A seeming outlier in the geographical trend is Alabama, which may lose a seat in 2020 despite being a Southern state. However, growth in the South has been very geographically inconsistent, with states like Florida and Texas accounting for most of the region’s gains over the last few decades while the rest of the South’s gains and losses have largely evened out. Elsewhere, the Midwest and Rust Belt look likely to continue their downward trend. Illinois, Michigan, Ohio, and Pennsylvania are all set to probably lose one seat each; the last time that quartet didn’t each lose at least one seat in reapportionment was 1970, when both Illinois and Michigan preserved the 1960 status quo.
The two smallest states in this discussion, Rhode Island and West Virginia, may see their House delegations shrink after 2020. In the initial apportionment of 1789, the Ocean State had only one seat, but after the 1790 census, it moved to two seats. Except for a 20-year stint with three seats from 1910 to 1930, it has had two seats for almost its entire history. However, the state looks in danger of dropping to the ranks of the one-seat states, and if it does, Rhode Island will become the eighth state with just one representative in the House, a new all-time high. Meanwhile, the Mountain State looks like a fairly safe bet to see its delegation fall from three members to just two: It is the only state that saw negative growth between 2010 and 2014, based on the Census Bureau estimates.
These changes will have many consequences. Last year, from projections based on the 2013 estimates, the Crystal Ball’s Kyle Kondik took a look at the future shape of the House, and most of those observations remain true in the face of new numbers one year later. Dave Wasserman of Cook Political Report recently explored (paywall) the House picture as well, including some hypothesizing about where new districts might go.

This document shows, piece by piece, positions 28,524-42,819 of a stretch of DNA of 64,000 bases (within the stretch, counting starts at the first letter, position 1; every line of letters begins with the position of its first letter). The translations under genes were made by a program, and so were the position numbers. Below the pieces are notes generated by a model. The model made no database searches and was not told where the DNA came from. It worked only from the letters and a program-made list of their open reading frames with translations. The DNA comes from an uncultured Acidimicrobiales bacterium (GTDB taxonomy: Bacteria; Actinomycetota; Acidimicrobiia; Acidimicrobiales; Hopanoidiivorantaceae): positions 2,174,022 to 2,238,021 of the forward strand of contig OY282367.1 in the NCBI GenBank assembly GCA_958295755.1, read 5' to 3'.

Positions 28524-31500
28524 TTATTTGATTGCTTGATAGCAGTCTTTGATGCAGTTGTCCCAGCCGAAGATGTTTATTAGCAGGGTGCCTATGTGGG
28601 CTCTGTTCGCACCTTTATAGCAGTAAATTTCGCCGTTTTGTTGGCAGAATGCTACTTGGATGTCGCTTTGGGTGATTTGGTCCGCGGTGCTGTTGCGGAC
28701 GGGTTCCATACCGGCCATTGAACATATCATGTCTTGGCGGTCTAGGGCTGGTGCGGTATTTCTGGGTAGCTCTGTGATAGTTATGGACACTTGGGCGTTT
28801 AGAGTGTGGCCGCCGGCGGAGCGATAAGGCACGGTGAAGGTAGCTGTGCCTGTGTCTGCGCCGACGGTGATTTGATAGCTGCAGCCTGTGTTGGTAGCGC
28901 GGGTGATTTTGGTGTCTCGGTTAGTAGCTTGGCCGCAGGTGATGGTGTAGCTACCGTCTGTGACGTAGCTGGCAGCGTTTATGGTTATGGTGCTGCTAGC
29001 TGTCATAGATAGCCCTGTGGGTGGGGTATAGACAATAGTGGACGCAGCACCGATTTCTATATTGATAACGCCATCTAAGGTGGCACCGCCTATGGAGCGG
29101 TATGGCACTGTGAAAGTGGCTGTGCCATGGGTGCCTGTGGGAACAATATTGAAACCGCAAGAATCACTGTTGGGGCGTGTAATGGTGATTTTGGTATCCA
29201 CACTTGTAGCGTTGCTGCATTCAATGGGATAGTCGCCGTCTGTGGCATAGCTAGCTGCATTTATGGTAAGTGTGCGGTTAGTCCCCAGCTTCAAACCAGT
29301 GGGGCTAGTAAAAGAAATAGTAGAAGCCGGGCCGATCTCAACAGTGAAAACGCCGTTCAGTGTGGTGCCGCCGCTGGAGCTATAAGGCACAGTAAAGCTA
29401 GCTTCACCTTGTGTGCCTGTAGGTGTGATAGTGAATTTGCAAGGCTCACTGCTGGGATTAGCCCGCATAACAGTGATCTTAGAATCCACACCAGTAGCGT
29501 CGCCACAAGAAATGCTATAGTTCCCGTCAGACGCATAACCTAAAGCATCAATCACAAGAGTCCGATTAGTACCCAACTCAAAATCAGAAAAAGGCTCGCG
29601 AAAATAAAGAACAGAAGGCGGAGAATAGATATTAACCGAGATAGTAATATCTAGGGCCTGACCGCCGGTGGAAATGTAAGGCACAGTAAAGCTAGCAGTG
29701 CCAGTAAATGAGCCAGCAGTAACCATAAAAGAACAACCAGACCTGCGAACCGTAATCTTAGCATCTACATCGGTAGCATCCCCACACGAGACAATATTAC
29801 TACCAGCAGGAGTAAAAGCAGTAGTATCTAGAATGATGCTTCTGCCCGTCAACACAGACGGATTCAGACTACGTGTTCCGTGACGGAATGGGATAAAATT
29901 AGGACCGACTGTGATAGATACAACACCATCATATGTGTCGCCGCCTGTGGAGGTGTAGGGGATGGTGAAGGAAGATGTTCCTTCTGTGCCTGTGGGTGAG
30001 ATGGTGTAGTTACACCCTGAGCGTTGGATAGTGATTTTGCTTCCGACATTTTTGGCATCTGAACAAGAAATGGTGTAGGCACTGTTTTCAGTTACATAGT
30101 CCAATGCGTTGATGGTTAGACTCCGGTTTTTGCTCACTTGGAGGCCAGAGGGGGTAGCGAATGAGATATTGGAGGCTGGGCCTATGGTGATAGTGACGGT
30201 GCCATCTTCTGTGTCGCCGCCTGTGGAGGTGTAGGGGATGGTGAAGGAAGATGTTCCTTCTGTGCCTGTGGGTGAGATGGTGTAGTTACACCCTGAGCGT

As for the impact on the Electoral College, the two major parties’ bedrock states, California for Democrats and Texas for Republicans, both stand to gain electoral votes, particularly the latter. Recently competitive states such as Colorado, Florida, and North Carolina are all positioned to gain, raising the stakes even further in those places. Meanwhile, the historically key swing state of Ohio will see its position further reduced, and if Virginia gains a seat, the two swing states will be closer in electoral vote strength (from Ohio having an 18-13 edge to just 17-14). Other potentially competitive states such as Michigan, Minnesota, and Pennsylvania are positioned to lose an electoral vote.
Obviously, the next census is still over five years away, so these estimates could still be off to some degree. But projections only get more certain as we get closer to 2020, and yet again there will be winners and losers in the reapportionment process. Changes in the level of representation for different states and in their relative strengths in the Electoral College will, as always, be politically consequential.